La Danse - The Paris Opera Ballet Movie Review - www.impulsegamer.com -

La Danse - The Paris Opera Ballet
Reviewed by George Constantin on November 3, 2010

Madman Entertainment
presents a film directed by Frederick Wiseman
Running Time: 159 mins
Rating: PG
Released: October 23, 2010 (limited)


8/10

 


Frederick Wiseman's documentary film La Danse is a celebration of one of the greatest ballet companies in the world - the Paris Opera Ballet Company.  Not only we get to see some truly great dance sequences, Wiseman also takes us on tour of almost every nook and cranny in the beautiful Paris Opera House, the Palais Garnier. The film is a also a celebration of Paris itself, with some amazing rooftop shots of the city.

With unlimited access to this magnificent nineteenth century baroque building, Wiseman is depicting what seems to be just another day at the office for the prestigious Parisian ballet company. We see dancers, their instructors, costume designers, workers, cleaners, and even a bee-keeper, going about their daily work routine. We even witness a meeting between the entire company and union representative, discussing among other things, latest changes to retirement rules. Towering above all is the company's powerful and charismatic artistic director, Brigitte Lefevre, who appears throughout the film. We see some of the greatest dancers in the world, including Aurelie Dupont, Agnes Letestu, Laetitia Pujol, and Herve Moreau. There are several ballets in production including The Nutcracker (Casse-Noisette),

Pacquita by Pierre Lacotte, Romeo and Juliet by Sacha Walts, and Genus, by British choreographer Wayne McGregor, danced by Benjamin Pech and Marie-Agnes Gillot.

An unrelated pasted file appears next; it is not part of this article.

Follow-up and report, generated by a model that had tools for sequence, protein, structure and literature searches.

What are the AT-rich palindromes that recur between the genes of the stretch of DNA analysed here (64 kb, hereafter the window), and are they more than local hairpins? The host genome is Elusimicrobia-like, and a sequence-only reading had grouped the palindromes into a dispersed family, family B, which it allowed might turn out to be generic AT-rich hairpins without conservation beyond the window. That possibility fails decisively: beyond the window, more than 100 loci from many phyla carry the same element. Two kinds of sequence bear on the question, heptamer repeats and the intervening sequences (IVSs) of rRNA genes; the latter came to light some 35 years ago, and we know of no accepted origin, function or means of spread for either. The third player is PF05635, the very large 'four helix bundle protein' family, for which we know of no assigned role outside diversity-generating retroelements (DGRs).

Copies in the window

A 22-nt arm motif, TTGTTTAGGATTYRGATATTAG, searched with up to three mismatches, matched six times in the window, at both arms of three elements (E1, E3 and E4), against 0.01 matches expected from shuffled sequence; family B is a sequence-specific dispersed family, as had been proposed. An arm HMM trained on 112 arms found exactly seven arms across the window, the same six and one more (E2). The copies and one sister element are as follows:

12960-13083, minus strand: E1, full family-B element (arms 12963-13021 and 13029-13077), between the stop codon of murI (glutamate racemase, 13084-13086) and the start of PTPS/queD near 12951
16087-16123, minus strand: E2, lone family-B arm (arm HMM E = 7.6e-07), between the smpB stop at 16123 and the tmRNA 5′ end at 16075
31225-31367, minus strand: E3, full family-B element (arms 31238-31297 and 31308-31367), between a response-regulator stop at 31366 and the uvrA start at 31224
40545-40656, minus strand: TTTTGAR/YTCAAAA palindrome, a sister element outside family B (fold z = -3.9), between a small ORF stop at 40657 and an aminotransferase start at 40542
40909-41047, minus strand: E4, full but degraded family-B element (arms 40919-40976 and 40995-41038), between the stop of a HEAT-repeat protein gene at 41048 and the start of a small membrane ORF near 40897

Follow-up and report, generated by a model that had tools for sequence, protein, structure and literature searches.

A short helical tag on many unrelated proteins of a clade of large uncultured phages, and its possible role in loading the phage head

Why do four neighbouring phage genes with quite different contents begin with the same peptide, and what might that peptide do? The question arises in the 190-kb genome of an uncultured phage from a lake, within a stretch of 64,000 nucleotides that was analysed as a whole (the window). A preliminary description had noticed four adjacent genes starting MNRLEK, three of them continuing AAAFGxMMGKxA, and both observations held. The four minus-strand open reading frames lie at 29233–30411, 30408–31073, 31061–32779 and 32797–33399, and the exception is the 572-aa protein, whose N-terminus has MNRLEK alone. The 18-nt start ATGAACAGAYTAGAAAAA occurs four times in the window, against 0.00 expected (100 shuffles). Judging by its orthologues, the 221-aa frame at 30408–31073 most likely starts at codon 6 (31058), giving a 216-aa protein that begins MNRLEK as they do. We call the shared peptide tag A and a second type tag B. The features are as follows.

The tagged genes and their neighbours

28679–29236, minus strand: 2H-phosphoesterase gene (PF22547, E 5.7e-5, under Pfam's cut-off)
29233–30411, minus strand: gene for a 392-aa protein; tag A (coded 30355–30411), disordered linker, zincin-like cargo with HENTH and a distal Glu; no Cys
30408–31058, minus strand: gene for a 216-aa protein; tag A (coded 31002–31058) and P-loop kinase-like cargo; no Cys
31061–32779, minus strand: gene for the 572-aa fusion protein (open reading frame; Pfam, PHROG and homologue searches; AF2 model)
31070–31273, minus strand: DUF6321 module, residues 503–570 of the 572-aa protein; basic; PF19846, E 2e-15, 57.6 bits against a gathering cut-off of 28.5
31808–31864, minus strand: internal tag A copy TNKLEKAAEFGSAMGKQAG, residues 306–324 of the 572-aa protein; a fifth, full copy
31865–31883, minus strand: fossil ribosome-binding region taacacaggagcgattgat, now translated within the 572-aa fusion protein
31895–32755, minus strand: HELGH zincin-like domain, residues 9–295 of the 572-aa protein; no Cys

Interestingly, La Danse does not show any live performances, members of the orchestra, or the audience; only technical and dress rehearsals. This may be attributed to strict union rules that forbid the filming of any such performances.

Wiseman is one of America's greatest and most accomplished documentary filmmakers, with a career spanning across more than 40 years. Becoming a filmmaker after abandoning a career in law, he would make a name for himself in 1967 with the release of his first film, Titicut Follies, depicting life in a state-run hospital for the insane. The film was hailed as a masterpiece of the documentary genre, and with the subsequent release of High School (1968), Law and Order (1969), and Hospital (1970), would solidify his reputation as a master filmmaker. For the next 30 years, Wiseman would continue to make films about institutions, most notably Juvenile Court (1973), Racetrack (1985), Aspen (1991), and even a film about that great French cultural institution, La Comedie Francaise, in 1996. 2001 saw the release of Domestic Violence, a film that takes place in and around a battered women's shelter in Florida; it was Wiseman's most striking work in years.

La Danse includes anything and everything to do with the Paris Opera Ballet; the administration, the technical support, the rehearsals, and all that goes with it, including the maintenance of the building. Wiseman has left absolutely nothing out, which brings me to the one and only criticism I have of this film at 159 minutes, it is overlong. Otherwise La Danse is an artistic tour de force, a joyous experience and a feast for the senses. As they say in French: ces't magnifique.

 






 
 



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